Legalbrief cites the subscription based Cape Argus as running a story that the Manchester United Football Club (ManU) is suing Necessities – a small accessory store based at the Cape Town Railway Station – for allegedly selling fake soccer gear. Nazaret Kasker, owner of Necessities, has indicated that the action will be defended. According to the report the papers filed by Man U explain that a Commercial Crimes Unit inspector seized goods from the store on September bearing the "infringing" Manchester United trademark. It has asked the court to order that the goods seized to be counterfeit and that all other offending goods in the store's possession should be handed over to the company. The corporation was to apply for default judgment (a judgment where no intention to defend is filed) against Necessities yesterday, which seems at odds with Nazaret Kasker's statement that he would defend. However, on what basis would he defend the case? What are commercial issues for ManU against the apparent small trader and is the legal process working as it should? The facts are sparse but here goes:
Is this not an open-and-shut case of trade mark infringement: unauthorised use of an identical mark on identical/similar goods covered by a ManU registration by Necessities or is there a possibility that Necessities could raise a defence like store trader Reed did very effectively against Arsenal in the UK (by arguing that his use of Arsenal's trade mark was as a badge of allegiance to the Club and was not trade mark use)*? Perhaps Manu's logo consists of a coat of arms that requires peculiar steps to protect that have not been followed**? Perhaps Necessities is dealing in grey goods? If there is a suggestion any defence may hold water in RSA***, then what impact does that have on how this case is handled under RSA law? Bear in mind that Necessities (apparently a small trader) is incurring stock holding costs and loss of Xmas profit for merchandise which has been in detained (on a warrant issued unopposed by a non-IP specialist Magistrate) since September. But then again, is such an apparently brand-owner friendly position not acceptable in a country like South Africa where counterfeiting is so rife that any benefit of doubt as to whether an item infringes or is counterfeit, should sit with the rights holder?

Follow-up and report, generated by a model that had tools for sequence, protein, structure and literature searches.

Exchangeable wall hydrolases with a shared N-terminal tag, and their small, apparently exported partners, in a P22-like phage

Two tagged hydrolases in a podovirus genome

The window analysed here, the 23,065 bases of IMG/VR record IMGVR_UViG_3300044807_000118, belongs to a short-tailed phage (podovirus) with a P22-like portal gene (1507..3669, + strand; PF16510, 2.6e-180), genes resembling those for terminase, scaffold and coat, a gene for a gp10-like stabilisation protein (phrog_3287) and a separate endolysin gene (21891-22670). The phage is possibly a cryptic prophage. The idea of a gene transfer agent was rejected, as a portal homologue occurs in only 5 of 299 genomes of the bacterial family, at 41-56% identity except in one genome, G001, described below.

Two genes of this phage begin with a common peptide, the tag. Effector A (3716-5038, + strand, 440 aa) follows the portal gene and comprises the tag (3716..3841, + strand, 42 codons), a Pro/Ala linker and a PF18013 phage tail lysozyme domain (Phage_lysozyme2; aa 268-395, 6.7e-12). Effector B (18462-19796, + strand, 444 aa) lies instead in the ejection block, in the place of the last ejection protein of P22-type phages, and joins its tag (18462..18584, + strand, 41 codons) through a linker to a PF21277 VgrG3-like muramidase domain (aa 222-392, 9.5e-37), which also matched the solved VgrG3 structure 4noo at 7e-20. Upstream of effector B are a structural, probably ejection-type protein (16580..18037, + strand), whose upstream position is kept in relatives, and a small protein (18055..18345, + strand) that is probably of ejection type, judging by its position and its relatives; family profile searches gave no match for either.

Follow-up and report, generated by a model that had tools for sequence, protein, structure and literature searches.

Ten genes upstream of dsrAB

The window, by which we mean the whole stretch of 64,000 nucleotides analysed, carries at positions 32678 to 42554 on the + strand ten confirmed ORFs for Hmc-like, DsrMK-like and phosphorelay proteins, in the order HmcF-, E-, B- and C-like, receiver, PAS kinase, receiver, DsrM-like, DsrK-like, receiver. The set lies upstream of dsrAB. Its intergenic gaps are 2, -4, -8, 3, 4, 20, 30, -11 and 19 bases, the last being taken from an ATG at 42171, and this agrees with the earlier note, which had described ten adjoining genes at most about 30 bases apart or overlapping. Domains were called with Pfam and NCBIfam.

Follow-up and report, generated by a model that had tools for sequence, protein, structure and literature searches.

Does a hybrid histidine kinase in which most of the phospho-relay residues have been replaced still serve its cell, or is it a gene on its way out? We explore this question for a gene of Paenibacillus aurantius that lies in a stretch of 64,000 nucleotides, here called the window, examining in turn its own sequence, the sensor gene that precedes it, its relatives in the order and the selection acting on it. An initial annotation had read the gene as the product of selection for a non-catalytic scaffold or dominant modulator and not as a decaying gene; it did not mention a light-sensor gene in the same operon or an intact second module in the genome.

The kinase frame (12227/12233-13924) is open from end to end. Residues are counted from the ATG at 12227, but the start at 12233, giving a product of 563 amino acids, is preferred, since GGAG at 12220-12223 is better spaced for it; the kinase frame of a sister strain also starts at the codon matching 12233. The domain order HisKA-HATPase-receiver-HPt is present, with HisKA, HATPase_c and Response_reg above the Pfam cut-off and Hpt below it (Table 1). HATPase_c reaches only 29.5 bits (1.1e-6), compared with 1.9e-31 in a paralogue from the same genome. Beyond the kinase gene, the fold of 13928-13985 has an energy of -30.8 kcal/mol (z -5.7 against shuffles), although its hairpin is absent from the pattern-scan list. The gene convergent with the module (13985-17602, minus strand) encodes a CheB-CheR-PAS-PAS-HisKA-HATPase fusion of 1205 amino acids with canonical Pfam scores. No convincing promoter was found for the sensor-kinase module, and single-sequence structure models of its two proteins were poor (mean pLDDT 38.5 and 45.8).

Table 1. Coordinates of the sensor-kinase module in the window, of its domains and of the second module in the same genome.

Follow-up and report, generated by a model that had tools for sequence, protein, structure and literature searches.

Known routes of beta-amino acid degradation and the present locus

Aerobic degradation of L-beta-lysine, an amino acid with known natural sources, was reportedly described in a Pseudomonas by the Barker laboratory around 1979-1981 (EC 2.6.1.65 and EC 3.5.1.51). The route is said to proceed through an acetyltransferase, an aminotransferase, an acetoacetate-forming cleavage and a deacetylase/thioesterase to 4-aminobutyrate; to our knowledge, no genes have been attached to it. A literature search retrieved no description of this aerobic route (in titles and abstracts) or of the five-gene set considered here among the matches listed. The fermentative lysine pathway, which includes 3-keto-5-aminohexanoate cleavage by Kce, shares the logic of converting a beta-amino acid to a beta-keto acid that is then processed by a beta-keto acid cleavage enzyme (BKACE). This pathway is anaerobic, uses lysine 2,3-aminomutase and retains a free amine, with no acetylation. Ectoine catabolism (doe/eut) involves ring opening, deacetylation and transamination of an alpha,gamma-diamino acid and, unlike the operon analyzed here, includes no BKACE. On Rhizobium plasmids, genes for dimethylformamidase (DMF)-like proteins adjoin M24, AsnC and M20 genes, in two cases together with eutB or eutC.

There are commercial issues too for ManU. The football club does not receive royalties on merchandise that Necessities sells and there is also the risk that such merchandise is sub standard, effecting their brand overall. However, the merchandise is sold to fans who they risk marginalising, possibly by a fan who they are now suing (according to the Argus Report, a small local trader) who has apparently not yet had a chance to have his say. How unfair? Or is it? The real risk to ManU is that if it continues to allow its brand to be sold in an unlicensed fashion it faces the prospect of losing the brand to the public altogether so one cannot blame them for being vigilant. But is court action their only recourse? Is there not a case for legitimising Necessities by making and training them to be a licensee or are they a trader that they would never do business with? Perhaps contact would have put the trader on notice allowing them to scurry away fake goods? No doubt these were all considered beforehand.
* see for example Arsenal v Reed
** Dr Alberts has kindly pointed me to paragraph 3 of the Commercial Auto Glass decision (Harms ADP) and paras 11 and 13 of the Verimark decision where the European cases involving Reed v Arsenal and others were discussed
*** see Manchester Corp v Manchester Palace of Varieties Ltd  P 133;  2 WLR 440 discussed here http://www.geocities.com/noelcox/Ip.htm